Annual Letter ’14

January 2014

Dear Friends,

The Dewan Foundation made 37 grants in 2013.  Twenty-six grants supported programs that serve the poor and disadvantaged in the City of Chicago and nearby surrounding suburbs.  There were 11 grants made to U.S. non-profits that provide services to needy people overseas.   Grant spending totaled $ 212,946, the highest annual amount ever in the history of the Dewan Foundation.  A large matching grant to sustain a school and residence program for needy children in Blacktom Town in Liberia, Africa drove spending for the year.

We were able to support three new programs working overseas.  One will provide health promoter training to poor women in Lubango, Angola, the country’s second largest city.  Training community leaders, who then train friends and neighbors in necessary health practices, is a basic empowerment strategy that can lead to other social gains for people in poverty. The second grant will provide school support for disadvantaged students in the Department of Solala, Guatemala.  The third provides education and training support for children who have AIDS in a shelter outside San Pedro Sula, the main industrial city in Honduras.

Federal regulations require private foundations to make a minimum eligible charitable expenditure of approximately five percent of the value of its endowment annually.   If a foundation exceeds the minimum, the excess may be carried over for up to five years to satisfy the requirement in the future.  Like many family foundations, the Dewan Foundation regularly exceeds minimum spending.  In fact, the carry over from 2008-2012, that is spending in excess of the requirement, totaled over $439,000.  With record high grant spending in 2013, the Dewan Foundation will once again exceed the federal requirement by a substantial amount.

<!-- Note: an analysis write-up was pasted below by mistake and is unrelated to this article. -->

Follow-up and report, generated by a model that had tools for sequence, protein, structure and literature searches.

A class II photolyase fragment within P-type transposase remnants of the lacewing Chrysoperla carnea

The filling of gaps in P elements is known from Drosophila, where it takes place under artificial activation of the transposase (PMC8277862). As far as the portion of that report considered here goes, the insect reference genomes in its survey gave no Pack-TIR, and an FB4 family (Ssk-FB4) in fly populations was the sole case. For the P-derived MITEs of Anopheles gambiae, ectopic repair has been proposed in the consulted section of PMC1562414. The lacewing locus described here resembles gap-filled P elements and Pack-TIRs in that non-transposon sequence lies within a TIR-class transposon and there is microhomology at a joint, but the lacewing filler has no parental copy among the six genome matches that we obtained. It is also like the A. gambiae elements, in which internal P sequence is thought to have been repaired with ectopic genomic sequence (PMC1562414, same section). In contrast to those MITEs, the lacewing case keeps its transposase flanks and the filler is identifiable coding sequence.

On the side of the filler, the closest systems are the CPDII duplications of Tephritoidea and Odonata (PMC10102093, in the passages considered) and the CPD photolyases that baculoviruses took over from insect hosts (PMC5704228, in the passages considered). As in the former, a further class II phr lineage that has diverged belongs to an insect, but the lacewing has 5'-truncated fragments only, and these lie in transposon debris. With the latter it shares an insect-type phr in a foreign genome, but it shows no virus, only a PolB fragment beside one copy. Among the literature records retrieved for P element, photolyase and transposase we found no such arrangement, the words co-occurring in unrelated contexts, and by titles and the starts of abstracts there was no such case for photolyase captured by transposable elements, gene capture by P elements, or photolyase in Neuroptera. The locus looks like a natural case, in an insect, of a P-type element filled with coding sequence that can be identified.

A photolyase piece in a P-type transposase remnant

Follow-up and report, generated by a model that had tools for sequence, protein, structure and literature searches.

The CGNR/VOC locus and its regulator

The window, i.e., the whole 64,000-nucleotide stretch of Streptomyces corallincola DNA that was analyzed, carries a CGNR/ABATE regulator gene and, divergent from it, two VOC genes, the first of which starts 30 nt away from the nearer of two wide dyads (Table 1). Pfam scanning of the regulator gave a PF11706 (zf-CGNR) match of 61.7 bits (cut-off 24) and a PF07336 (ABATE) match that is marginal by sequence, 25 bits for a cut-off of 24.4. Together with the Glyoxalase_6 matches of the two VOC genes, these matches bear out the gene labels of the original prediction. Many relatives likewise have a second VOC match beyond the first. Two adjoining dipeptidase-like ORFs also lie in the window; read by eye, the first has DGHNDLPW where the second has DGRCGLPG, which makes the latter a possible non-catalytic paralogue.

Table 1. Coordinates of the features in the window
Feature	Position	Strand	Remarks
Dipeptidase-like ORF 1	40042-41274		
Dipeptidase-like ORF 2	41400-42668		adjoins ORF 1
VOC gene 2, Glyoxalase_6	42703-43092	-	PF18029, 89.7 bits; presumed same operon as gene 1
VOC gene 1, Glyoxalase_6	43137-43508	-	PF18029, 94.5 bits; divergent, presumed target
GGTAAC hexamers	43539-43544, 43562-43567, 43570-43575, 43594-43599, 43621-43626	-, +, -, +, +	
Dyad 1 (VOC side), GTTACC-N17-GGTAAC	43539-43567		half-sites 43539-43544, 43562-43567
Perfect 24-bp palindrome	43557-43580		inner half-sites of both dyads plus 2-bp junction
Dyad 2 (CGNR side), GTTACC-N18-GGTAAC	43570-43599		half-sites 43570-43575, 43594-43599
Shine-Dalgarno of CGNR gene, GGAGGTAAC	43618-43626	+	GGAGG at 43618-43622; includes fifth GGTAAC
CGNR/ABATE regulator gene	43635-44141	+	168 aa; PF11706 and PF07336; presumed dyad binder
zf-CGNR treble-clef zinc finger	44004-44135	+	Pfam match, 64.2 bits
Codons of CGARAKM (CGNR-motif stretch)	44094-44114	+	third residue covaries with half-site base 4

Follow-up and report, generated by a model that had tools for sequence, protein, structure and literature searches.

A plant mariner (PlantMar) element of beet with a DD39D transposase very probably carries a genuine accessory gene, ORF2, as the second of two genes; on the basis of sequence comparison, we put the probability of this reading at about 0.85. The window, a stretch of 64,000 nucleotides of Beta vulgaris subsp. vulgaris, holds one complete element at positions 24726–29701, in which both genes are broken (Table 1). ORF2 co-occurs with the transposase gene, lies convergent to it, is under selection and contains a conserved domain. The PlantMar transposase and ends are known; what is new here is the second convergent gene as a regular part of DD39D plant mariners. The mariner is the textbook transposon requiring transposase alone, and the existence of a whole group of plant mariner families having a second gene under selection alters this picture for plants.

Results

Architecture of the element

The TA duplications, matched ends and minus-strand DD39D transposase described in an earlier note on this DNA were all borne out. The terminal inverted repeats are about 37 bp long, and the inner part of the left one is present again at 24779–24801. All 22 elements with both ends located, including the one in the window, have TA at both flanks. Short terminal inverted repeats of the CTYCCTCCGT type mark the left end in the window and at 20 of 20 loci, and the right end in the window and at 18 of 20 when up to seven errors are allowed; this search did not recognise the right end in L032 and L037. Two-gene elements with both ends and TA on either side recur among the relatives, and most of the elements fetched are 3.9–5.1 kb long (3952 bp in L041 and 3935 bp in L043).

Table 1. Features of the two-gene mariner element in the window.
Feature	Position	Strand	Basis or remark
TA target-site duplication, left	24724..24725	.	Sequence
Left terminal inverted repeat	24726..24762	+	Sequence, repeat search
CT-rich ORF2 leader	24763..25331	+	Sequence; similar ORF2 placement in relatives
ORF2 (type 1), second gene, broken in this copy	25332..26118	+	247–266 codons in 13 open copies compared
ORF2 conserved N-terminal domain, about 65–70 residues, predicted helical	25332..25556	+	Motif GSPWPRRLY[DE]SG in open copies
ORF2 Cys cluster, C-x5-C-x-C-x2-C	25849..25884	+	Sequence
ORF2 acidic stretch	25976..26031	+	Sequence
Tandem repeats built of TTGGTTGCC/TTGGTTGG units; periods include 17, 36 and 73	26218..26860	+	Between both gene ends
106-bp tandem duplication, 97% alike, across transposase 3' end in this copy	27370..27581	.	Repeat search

We are completely comfortable with an approach that maintains grant spending at a consistently higher level based on our positive relationships and the good performance of our grantees, as well as the judicious acceptance of new programs into our portfolio.  Anchoring our spending to a percent value of our endowment would subject us to the peaks and valleys in the value of our investments and the volatility of the financial markets.  We are all still painfully familiar with the experience of the financial crash of 2008.  We have no desire to subject our grantees to this type of volatility.  They value our steadfast support, and it is a source of pride for us to be their consistent partner.

It was a particularly challenging and frustrating year for our grant writing efforts.  Although our assistance generated eight awards and a total of $214,900 (a bit better than in 2012), we had expected a better outcome based on the large number of proposals and funding letters we prepared.  Some of our best prospects were not accepting proposals, there were a couple of noteworthy rejections from funders who had supported our grantees in the past, and efforts to generate interest among many new potential funders were unsuccessful.

The Dewan Foundation’s own experience in receiving inquiries and proposals is instructive in this regard.  We are only funding about one of every thirty-five organizations that seek our support for the first time.  It is a hugely competitive environment for grants that depends on networking as well as a high quality program and presentation.

We are perpetual optimists, however.  What else could we be when we have dedicated ourselves to the task of making the world a better place, especially for people on the margins of society?  Faith and hope propel us forward.  We are grateful for your interest and support of our efforts.


The Board of Directors

John and Susan Dewan Foundation